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Is Your Hazardous Waste Labeled Correctly?

Kevin Webber - Nov 20, 2018 7:45:00 AM

Hazardous-Waste-LabelsProperly labeling your hazardous waste materials is one of the most important activities for a compliant waste management regime. From notifying personnel of the dangers involved in dealing with a material, to ensuring your waste management provider is able to handle each material appropriately, labels are crucial for maintaining safe operations.

Even minor hazardous waste labeling violations can lead to steep penalties and fines. The EPA is authorized to levy financial penalties of more than $72,000 per violation, per day for any failure to comply with the Resource Conservation and Recovery Act (RCRA), including “simple” labeling mistakes.

In 2018, operators of the Grand Coulee Dam in Washington State were assessed a $115,000 penalty by the EPA for violations including mislabeled hazardous waste products. Additionally, in 2017 a hospital in South Carolina was fined $28,000 by the EPA due to a mistake that lead to non-hazardous waste being labeled as hazardous—serving as a reminder that mistakes of any kind can lead to penalties when it comes to strict regulatory adherence for waste management, even when there was never a genuine risk of hazardous waste exposure or release.

Given the steep consequences for compliance failure, how do you ensure your facility meets all legal requirements for labeling your hazardous waste?

A fully certified and knowledgeable waste management provider is a great source to consult with questions about your facility’s individual operations, but you also need to understand the requirements yourself in order to properly train employees and administrate your facility’s waste management regime.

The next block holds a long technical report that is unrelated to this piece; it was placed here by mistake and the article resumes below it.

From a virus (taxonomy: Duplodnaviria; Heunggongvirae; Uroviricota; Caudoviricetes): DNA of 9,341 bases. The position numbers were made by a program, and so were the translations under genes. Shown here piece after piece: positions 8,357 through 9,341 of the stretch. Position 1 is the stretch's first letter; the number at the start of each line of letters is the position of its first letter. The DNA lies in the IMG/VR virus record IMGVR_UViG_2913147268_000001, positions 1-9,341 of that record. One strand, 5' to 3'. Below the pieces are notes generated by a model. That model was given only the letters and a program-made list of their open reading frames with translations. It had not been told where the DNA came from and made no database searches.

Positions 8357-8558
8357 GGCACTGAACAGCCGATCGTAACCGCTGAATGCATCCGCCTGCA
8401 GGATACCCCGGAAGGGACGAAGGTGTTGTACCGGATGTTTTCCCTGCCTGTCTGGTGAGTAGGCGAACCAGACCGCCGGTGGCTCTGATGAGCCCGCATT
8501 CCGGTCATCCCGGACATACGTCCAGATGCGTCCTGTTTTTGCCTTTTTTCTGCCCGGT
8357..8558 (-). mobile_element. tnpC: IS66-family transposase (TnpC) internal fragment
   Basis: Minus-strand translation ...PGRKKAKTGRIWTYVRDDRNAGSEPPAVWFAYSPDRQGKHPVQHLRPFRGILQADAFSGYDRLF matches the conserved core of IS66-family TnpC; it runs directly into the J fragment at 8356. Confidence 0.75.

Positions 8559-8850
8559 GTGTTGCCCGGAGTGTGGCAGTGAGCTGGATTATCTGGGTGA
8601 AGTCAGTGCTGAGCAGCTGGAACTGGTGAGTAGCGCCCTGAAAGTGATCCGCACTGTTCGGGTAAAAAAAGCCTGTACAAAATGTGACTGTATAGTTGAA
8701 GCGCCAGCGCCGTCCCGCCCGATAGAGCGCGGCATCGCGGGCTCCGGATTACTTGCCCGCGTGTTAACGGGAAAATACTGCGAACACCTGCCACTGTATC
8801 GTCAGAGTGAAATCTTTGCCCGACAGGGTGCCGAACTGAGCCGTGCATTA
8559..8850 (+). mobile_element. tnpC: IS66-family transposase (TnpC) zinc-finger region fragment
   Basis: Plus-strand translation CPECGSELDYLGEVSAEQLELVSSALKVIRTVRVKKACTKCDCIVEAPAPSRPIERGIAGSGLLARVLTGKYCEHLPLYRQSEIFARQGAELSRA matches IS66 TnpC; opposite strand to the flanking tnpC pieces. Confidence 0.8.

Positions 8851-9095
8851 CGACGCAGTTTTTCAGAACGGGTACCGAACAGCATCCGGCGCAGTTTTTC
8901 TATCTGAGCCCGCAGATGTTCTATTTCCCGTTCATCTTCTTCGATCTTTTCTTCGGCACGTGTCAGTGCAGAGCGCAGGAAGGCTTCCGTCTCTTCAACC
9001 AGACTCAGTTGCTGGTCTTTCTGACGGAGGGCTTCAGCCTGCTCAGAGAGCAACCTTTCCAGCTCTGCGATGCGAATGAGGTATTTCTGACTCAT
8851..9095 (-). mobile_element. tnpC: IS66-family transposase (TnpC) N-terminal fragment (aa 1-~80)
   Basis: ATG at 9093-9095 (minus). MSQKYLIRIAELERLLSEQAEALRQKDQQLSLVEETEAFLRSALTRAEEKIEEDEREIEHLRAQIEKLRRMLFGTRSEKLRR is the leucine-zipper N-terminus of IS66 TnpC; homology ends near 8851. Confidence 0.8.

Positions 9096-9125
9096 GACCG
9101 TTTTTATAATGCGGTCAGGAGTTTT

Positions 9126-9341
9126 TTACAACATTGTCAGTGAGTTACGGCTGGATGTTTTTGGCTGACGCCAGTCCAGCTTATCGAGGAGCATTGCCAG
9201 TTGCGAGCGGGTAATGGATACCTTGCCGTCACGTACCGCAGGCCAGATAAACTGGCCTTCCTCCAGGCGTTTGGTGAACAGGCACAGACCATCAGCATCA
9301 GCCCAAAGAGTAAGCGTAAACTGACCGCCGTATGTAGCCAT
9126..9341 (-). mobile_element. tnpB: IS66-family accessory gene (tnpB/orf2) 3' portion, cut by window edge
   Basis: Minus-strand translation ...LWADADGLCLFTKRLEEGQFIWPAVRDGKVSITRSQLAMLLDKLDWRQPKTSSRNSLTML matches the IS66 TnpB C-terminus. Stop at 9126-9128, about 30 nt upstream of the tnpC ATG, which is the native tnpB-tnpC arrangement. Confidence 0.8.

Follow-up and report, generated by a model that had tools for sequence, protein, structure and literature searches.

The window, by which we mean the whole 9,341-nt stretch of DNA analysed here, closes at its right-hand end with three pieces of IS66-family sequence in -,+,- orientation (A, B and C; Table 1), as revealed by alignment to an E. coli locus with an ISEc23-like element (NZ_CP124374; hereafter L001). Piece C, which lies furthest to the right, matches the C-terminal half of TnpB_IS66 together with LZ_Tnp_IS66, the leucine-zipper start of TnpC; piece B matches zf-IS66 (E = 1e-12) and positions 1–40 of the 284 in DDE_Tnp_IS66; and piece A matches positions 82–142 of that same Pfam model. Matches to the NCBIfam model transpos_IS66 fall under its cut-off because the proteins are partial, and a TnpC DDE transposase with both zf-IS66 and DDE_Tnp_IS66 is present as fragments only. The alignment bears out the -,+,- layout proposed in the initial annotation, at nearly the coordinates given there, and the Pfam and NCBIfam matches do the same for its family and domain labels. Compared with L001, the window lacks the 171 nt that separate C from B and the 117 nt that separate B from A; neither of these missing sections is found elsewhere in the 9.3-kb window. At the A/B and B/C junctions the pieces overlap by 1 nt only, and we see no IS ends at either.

Here’s what you need to know.

What Your Hazardous Waste Labels Must Include

The primary purpose of hazardous waste labels is to notify observers about what material is contained in waste containers, along with alerting them to the attendant regulatory requirements for handling and managing that waste.

In order to prepare your facility’s hazardous waste products for transport in any capacity, you’re required to mark or affix labels to each individual waste container that comply with the standards laid out in 49 CFR Part 172.

Specifically, before you transport hazardous waste off-site, each container capable of holding 119 or fewer gallons must be labeled with the following information as outlined in 49 CFR 172.304:

  • Written verbatim: “HAZARDOUS WASTE—Federal Law Prohibits Improper Disposal. If found, contact the nearest police or public safety authority or the U.S. Environmental Protection Agency.”
  • Your company’s operating name and the facility’s address
  • Your facility’s EPA Identification Number
  • A unique manifest tracking number
  • All relevant EPA hazardous waste numbers—note that you’re allowed to use methods like barcodes to convey the waste number, as long as those methods are commonly interoperable and recognized nationally

You’re also required to record the accumulation time for the waste material in each individual container.